Rock star comic book writer (in every applicable sense) Gerward Way is just months away from launching Young Animal, a new imprint at DC Comics where he will either write or oversee titles like Doom Patrol and Shade, the Changing Girl in a kind of reinvention of the classic Vertigo spirit.
Rather than creator-owned titles, the series will allow writers broad creative freedom to radically reinvent lower-tier DC characters, inspired by the Animal Man, Sandman, Doom Patrol, and other reboots of the '80s.
Way, known for his band My Chemical Romance and his Eisner-winning comic Umbrella Academy, will co-write Cave Carson Has a Cybernetic Eye along with his longtime friend Jon Rivera.
Way and Jon Rivera joined ComicBook.com at Comic Con International: San Diego last week to talk about Cave Carson Has a Cybernetic Eye and the rest of DC's Young Animal line, teased in a black-and-white ashcan edition, distributed at Comic Con and laid out to resemble an old DC Who's Who.
ComicBook.com: First of all, I really love the Who's Who-style guide. Whose idea was that?
Gerard Way: I was a big fan of Who's Who growing up. They're very important to Young Animal because whenever I'm sitting down with Jon, we go through those books to find these characters.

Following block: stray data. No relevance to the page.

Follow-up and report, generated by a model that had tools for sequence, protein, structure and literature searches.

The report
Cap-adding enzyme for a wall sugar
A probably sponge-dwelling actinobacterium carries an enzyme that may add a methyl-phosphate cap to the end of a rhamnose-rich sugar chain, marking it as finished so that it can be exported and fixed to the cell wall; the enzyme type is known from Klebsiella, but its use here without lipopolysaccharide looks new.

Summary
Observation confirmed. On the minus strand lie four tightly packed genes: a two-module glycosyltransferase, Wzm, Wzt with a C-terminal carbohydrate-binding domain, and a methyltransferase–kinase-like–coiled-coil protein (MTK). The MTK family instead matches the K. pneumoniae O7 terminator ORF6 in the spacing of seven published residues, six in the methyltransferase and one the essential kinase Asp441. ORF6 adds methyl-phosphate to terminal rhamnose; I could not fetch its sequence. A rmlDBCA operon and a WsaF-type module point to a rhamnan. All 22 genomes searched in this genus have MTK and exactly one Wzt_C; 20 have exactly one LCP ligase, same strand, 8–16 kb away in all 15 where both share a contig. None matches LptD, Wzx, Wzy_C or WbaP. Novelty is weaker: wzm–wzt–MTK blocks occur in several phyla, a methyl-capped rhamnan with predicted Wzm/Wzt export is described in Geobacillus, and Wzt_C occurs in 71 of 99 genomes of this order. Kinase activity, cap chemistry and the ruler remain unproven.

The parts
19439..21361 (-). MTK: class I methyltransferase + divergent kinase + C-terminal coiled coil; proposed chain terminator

ComicBook.com: With Young Animal, you're very hands on with this imprint. What's your process like when you guys are working together?
Jon Rivera:This is our first real project that's coming out comic-wise, but we've been writing together. We were friends for a long time. We've been writing together the better part of ten years, so our process is already down. We work well together. We challenge each other, I think.
When we critique, we don't really critique each other. We just come up with new suggestions and ride those. We kind of find waves and ride those creatively.
Gerard Way: Yeah, that's the process. It's very casual. We just kind of hang out together.
Jon Rivera: In terms of like Cave Carson Has a Cybernetic Eye, we'll usually discuss the story. Then we'll zoom in, and then we'll discuss the issue then put out a first draft. Then Gerard will do a pass. Then I'll do a pass. Then we kind of go back and forth like that.
Luckily, since we've been friends and working together so long, we have trust in each other too. If Gerard makes a change, I'm totally cool with it.
ComicBook.com: It's really interesting to me because we got very little information with the original announcement. We're seeing obviously a lot more now, but Cave Carson, just the title alone was the kind of thing I feel like so many people were just like, "I want to see what the hell that book is."